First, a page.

As regards bribing and making promises, in general when someone gives promise in the name of a political force, how is the link between that person and a political subject established? What happens when someone gives promises on his/her own initiative? 
 The legislation regulates that issue as well. Yes, a person may give promises on his/her own. However, to qualify as a criminal offence, it is important to establish whether that person has any links with a political organization; whether he/she is acting in coordination with that political organization; whether promises are given and delivered in support of a political subject.
 If such evidence does not exist, then we may consider that case as an administrative offence and illegal contribution.
Can a promise be regarded as such?
No, a promise cannot; but a concrete act, gift, etcetera – yes.
In case of a promise, it is of utmost importance what is promised. The goal of a promise is important. It must be related to the achievement of electoral-political aims or to a concrete political subject.
Yet another subject of criticism is that of closed meetings conducted by representatives of the government. You are requested to show interest toward such meetings as well.
 We react to each such meeting adequately, requesting information about that. We have even published such information in several cases. The mentioned events were financed from the party budget – that was declared and made public by the party.
Bidzina Ivanishvili was penalized one-hundred-forty-eight-million GEL for two cases. Later, the appeal court halved that penalty. One of the cases involved the free distribution of satellite antennas by cable network provider Global TV. The Chamber of Control established that activity was financed by Bidzina Ivanishvili. Moreover, the Chamber also established that the company’s plan was not profit-oriented and that it pursued conspicuous political and electoral goals. These accusations were denied by representatives of the Global TV company. Could you elaborate on that case?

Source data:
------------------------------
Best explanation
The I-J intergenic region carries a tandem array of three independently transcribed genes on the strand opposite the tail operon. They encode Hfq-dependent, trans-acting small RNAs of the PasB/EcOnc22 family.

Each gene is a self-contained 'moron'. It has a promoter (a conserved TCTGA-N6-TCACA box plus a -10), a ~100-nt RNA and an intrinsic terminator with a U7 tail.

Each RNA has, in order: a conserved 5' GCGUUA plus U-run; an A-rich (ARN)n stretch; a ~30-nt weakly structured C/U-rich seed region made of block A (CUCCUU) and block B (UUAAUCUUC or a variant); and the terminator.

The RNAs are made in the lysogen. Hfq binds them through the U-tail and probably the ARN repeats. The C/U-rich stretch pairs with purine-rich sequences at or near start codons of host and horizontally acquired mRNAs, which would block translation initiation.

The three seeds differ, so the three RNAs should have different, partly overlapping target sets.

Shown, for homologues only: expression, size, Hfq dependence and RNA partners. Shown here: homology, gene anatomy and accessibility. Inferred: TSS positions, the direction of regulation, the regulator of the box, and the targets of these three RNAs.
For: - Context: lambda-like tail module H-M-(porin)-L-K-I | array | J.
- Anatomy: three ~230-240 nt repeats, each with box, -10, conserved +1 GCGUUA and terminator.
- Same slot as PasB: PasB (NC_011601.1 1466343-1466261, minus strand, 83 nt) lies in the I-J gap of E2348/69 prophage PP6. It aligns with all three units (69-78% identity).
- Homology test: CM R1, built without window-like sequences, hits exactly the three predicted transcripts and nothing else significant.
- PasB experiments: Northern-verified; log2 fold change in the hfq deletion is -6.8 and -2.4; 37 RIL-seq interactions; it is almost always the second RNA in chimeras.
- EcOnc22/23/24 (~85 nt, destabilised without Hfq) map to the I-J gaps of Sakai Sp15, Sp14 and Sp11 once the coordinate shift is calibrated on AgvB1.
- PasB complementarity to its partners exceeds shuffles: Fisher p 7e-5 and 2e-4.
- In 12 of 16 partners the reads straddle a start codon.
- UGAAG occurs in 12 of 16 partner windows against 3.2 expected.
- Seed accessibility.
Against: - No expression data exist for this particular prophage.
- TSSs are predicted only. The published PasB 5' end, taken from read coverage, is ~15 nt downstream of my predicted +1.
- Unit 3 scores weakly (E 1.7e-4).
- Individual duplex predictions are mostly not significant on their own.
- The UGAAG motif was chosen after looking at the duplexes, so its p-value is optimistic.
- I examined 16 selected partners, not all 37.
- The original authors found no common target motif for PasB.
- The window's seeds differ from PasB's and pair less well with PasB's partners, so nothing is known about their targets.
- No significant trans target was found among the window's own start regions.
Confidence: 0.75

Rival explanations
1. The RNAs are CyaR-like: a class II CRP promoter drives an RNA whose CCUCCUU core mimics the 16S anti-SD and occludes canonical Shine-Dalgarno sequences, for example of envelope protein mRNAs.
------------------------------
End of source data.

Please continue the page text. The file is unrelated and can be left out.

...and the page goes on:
That case was distinguished with the strongest arguments. Georgian Dream associated the activity of Global TV with itself. Political leaders of the coalition repeatedly declared that publicly while activists offered citizens free installation of antennas and provision of service by Global TV. That was proved through questioning in the regions. Media also reported that those installing the antennas were dressed in T-shirts with the “Georgian Dream” logo. 
 The convergence of political and electoral goals in the activities of the political subject and the company were obvious. These two entities were also clearly connected financially. The case contains materials showing that Global TV completed the year 2011 with a loss, in conditions when it charged a one-hundred-fifty GEL rate for its service. It did not have monetary means and took [funds] out from the Cartu Bank. The Cartu Bank gave a loan to the bankrupt company. Part of the loan was issued to Ivanishvili’s brother, who is the owner of the company, and another part was issued directly to the company. Documents reflecting the bank transaction are available.